(Australia 26 Oct 1936 – 25 Dec 1987)
120.0 x 165.5 cm board
Chinnamudaliar Chavadi (also known as Chinna Mudaliar Chavady) is a small village in Southern India on the coast of the Bay of Bengal, 10 kilometres north of the city of Pondicherry and the close to the township of Auroville. Chinnamudaliar Chavadi is a shelter named after a younger 'Mudali', or one who holds money or capital.
The concept of Auroville - an ideal township devoted to an experiment in human unity - was put before the Government of India, who gave their backing and took it to the General Assembly of UNESCO. In 1966 UNESCO passed a unanimous resolution commending it as a project of importance to the future of humanity, thereby giving their full encouragement.
On 28th February 1968 some 5,000 people assembled near the banyan tree at the centre of the future township for an inauguration ceremony attended by representatives of 124 nations, including all the States of India. The representatives brought with them some soil from their homeland, to be mixed in a white marble- clad, lotus-shaped urn, now sited at the focal point of the Amphitheatre. Auroville is located in south India, mostly in the State of Tamil Nadu (some parts are in the State of Pondicherry), a few kilometres inland from the Coromandel Coast, approx 160 kms south of Chennai (previously Madras) and 10 kms north of the town of Pondicherry.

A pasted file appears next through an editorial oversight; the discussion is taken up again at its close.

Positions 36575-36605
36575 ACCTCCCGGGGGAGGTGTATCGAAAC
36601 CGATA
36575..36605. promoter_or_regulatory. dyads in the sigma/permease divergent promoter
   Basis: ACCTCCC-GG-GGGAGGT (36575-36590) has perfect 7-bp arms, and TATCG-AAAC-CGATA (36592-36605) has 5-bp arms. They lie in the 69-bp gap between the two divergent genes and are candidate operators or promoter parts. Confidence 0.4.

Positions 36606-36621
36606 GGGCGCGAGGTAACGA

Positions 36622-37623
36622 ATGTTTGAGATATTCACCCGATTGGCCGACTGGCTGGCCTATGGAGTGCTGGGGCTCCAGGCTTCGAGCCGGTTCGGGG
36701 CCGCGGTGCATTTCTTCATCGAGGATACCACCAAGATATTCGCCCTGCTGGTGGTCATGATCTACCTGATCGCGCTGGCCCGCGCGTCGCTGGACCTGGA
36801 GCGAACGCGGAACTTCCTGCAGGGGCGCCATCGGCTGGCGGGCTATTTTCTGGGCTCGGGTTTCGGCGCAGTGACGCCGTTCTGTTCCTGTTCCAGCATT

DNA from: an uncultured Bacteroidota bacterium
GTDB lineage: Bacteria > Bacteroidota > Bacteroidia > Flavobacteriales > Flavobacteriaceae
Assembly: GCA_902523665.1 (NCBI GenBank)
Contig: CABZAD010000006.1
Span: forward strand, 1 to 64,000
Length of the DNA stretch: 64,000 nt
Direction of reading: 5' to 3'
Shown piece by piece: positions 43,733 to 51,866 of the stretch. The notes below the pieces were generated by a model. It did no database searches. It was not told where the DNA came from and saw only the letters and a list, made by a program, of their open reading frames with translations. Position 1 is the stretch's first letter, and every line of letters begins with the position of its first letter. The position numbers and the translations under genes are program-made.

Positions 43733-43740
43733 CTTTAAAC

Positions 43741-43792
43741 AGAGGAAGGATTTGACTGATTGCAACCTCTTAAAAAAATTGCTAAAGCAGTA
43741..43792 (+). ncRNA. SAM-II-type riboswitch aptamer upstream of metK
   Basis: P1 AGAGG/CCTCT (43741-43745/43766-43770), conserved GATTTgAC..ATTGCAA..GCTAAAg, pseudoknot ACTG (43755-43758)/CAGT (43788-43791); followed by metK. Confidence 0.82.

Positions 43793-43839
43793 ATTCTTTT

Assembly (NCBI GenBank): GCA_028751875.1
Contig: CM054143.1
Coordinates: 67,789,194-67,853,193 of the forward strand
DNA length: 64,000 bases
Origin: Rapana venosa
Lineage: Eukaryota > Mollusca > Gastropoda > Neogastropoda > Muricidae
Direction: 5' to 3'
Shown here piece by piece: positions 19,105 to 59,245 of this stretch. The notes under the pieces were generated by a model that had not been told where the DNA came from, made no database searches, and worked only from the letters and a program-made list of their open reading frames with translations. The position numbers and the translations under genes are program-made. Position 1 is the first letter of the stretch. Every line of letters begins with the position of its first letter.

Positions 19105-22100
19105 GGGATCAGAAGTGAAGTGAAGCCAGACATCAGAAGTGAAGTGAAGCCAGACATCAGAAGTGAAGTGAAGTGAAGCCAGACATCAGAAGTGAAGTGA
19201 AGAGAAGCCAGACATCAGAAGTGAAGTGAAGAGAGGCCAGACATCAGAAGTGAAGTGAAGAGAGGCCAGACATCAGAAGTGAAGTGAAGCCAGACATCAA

In 1970 James Clifford travelled to India where he lived until 1974, when he returned to Sydney. He held two exhibitions at the Sri Aurobindo Ashram in Pondicherry in 1971 and 1972.
© Australian Art Department, Art Gallery of New South Wales, 2004
Helen Verity Hewitt, Patrick White, painter, manqué: paintings, painters and their influence on his writing, 'White and the Sydney Art World: 2', pg. 84-93, Carlton, 2002, 86-87, 125-126.
James Clifford, Watters Gallery, East Sydney, 08 Oct 1975–25 Oct 1975